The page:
• [0028]
    An incoming call requesting assistance is received by servicing switch 310 in information/call center 101, which connects it to an available operator's telephone. If no operator is available when a call is received, the call is queued in a conventional manner until an operator becomes available. In this instance, automatic call distribution (ACD) logic of conventional design (not shown) is used to queue and distribute calls to operators in the order in which they are received, and such that the call traffic is distributed evenly among the operators. The ACD logic may reside in host computer 320 or elsewhere in information/call center 101. In other instances, other distribution logic schemes may be utilized, such as skills-based routing or a priority scheme for preferred users. In a preferred embodiment, when the information assistance call is received by servicing switch 310 in information/call center 101, switch 310 derives, in a well-known manner, from the signaling associated with the call the caller's phone number from which the call originates, known as an ANI (automatic number identification).
  • [0029]
    In the embodiment of the present invention, the caller requests customer service. The information assistance operator proceeds to transfer the call to CSI/call center 150. In addition, in order to keep track of the call in the event the call is to be connected to destination terminal 20, switch host computer 320 records the ANI of the incoming call, assigns a CSN (call sequence number) to the call, and associates that number with the port (or T1 span) on which the call arrived at information/call center 101. Then, this operator calls CSI/call center 150, preferably using a toll-free (“800”) number over the public telephone network. Alternatively, the call can be made over a private network operated by the information assistance service provider. In either case, the telephone number used to reach CSI/call center 150 is unique to information/call center 101 (e.g., there are seven 800 numbers for seven information/call centers 101-107 reaching call center 150, respectively), allowing CSI/call center 150 to trace from which information/call center the call originates. This tracing can be performed using DNIS (direct number identification service) or DID (direct inward dial) service. As fully described below, this information will be used to send connection information back to the correct call center 101. In addition, in order for CSI/call center 150 to keep track of the call, switch host computer 320 takes the caller's ANI and inserts it into the signaling associated with the call from call center 101 to call center 150, in place of call center 101's ANI.
  • [0030]
    When the call reaches CSI/call center 150, the caller is connected to a CSR in a conference-call type setup, and the information assistance operator drops off of the line, but connection 250 between information/call center 101 and CSI/call center 150 remains. The CSR responds to the caller's customer service questions, including performing searches on database server 660, which provides access to both information assistance databases and customer service databases, such as billing information. When all of the customer service questions have been resolved, the CSR asks if the caller needs any more assistance. If not, the caller hangs up, and connection 250 between information/call center 101 and CSI/call center 150 is broken down. However, if the caller desires information assistance, the CSR is available to render such assistance without transferring the caller back to information/call center 101 and another operator as in the prior art.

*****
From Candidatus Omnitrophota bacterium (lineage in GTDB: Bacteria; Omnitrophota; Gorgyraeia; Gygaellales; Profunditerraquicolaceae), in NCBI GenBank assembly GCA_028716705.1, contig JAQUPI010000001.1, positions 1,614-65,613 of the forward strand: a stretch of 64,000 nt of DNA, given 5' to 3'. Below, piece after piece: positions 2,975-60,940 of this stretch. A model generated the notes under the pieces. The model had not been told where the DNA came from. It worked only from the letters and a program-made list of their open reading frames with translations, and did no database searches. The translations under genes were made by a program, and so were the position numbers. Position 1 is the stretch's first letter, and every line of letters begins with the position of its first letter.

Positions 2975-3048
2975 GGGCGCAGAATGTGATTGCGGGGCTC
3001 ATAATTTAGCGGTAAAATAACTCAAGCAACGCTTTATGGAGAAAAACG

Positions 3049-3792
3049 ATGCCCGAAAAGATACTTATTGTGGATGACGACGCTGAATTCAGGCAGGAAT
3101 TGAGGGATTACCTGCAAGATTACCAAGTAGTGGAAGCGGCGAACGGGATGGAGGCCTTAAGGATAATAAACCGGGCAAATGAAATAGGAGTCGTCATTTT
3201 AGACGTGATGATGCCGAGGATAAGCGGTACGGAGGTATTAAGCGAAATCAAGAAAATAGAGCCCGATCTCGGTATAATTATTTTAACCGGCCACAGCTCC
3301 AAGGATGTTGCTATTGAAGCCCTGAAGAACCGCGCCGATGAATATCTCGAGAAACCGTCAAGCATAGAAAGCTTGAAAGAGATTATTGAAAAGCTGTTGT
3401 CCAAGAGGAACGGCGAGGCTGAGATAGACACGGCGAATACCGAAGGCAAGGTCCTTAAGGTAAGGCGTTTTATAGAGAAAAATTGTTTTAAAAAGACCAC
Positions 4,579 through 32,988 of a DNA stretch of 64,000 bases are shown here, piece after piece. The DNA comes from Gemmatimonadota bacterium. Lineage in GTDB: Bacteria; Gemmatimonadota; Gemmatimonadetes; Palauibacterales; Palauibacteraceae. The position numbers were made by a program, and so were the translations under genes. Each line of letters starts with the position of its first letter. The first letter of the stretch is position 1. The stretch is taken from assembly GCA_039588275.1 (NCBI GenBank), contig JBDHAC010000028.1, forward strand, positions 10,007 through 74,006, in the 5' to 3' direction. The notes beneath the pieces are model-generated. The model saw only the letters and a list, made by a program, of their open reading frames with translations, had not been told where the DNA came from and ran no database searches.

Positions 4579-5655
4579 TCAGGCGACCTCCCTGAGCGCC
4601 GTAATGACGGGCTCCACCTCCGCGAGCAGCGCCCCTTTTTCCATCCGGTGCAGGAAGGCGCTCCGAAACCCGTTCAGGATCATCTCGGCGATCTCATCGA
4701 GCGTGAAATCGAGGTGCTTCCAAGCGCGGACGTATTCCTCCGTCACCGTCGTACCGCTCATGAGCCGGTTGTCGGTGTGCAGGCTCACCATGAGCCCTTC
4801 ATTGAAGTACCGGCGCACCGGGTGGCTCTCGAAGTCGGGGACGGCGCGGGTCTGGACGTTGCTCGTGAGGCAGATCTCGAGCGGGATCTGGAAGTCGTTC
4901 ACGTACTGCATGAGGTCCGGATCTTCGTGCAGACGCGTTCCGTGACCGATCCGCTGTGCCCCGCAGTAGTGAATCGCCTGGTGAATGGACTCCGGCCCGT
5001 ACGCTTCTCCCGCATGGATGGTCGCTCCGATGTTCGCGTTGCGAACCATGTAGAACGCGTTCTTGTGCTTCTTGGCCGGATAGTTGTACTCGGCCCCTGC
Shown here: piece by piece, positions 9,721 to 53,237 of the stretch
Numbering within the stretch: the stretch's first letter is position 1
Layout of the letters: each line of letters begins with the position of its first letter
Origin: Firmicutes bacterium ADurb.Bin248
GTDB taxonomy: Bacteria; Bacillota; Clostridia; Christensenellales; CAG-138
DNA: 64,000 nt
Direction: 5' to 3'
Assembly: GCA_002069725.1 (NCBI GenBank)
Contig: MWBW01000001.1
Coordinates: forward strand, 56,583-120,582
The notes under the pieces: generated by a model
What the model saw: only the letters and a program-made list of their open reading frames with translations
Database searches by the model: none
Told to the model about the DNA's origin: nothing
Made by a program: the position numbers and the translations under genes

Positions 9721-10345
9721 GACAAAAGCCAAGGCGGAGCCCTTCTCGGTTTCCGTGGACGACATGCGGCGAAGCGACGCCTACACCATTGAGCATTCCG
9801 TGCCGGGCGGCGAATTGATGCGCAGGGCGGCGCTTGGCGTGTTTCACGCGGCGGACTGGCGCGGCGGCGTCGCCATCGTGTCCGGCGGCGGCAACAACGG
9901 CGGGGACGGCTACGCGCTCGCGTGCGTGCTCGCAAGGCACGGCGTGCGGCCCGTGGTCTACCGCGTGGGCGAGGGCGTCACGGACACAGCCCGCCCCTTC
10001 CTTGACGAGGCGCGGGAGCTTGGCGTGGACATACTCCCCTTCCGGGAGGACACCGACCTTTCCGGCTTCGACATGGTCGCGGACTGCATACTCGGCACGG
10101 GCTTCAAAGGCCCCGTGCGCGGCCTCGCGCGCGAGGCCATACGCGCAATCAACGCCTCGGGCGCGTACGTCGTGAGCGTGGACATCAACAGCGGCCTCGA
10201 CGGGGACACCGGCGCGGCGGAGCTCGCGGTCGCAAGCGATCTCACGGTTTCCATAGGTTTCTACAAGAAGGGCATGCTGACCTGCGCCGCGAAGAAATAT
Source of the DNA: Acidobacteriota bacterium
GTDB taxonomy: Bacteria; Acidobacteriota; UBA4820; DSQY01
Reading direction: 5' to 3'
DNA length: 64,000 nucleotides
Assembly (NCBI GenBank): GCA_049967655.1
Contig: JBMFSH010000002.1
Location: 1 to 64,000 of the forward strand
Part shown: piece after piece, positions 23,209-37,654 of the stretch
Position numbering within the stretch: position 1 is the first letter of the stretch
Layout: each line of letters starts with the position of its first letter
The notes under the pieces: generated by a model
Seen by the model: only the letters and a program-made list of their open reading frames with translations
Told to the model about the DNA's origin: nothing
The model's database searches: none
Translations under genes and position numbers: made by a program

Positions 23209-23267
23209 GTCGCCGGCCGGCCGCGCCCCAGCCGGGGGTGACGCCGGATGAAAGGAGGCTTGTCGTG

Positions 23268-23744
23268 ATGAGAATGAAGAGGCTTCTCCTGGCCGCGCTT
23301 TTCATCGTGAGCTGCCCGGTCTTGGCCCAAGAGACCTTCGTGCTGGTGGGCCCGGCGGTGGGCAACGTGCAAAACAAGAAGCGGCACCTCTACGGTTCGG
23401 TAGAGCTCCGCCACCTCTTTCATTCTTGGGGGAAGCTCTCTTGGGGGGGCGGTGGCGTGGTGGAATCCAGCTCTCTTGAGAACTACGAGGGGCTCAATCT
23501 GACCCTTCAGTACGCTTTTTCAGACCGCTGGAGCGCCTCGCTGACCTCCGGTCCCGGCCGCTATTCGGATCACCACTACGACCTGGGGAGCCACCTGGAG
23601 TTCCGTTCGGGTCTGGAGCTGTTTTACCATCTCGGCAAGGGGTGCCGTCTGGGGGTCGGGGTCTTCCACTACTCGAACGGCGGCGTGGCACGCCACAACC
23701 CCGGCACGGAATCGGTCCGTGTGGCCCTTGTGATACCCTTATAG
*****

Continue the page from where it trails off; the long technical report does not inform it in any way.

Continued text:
• [0031]
    When providing information assistance, CSRs may use database server 660 to search for a caller's desired party and determine the appropriate destination number of the party. Other information assistance concerning restaurant recommendations, movie listings, events, etc. may also be provided by searching one or more of the internal and external databases, and the Internet.
  • [0032]
    Voice server 330 is used to play the constant repeated parts of an operator's or CSR's speech, namely, the various greetings and signoffs (or closings). Voice server 330 is connected via data network 325 to switch host computer 320, 620 and via one or more T1 spans to servicing switch 310. Voice server 330 may comprise a general-purpose computer and one or more voice cards for voice recognition, voice recording and playback, and call progress analysis. At appropriate stages in a call progression, switch host computer 320, 620 initiates a voice path connection between voice server 330 and servicing switch 310 such that the caller, or the caller and the operator or CSR, are able to hear whatever pre-recorded speech is played on that connection by voice server 330. Computer 320, 620 then instructs voice server 330, via data network 325, what type of message to play, and passes data parameters that enable voice server 330 to locate the message appropriate to the call state.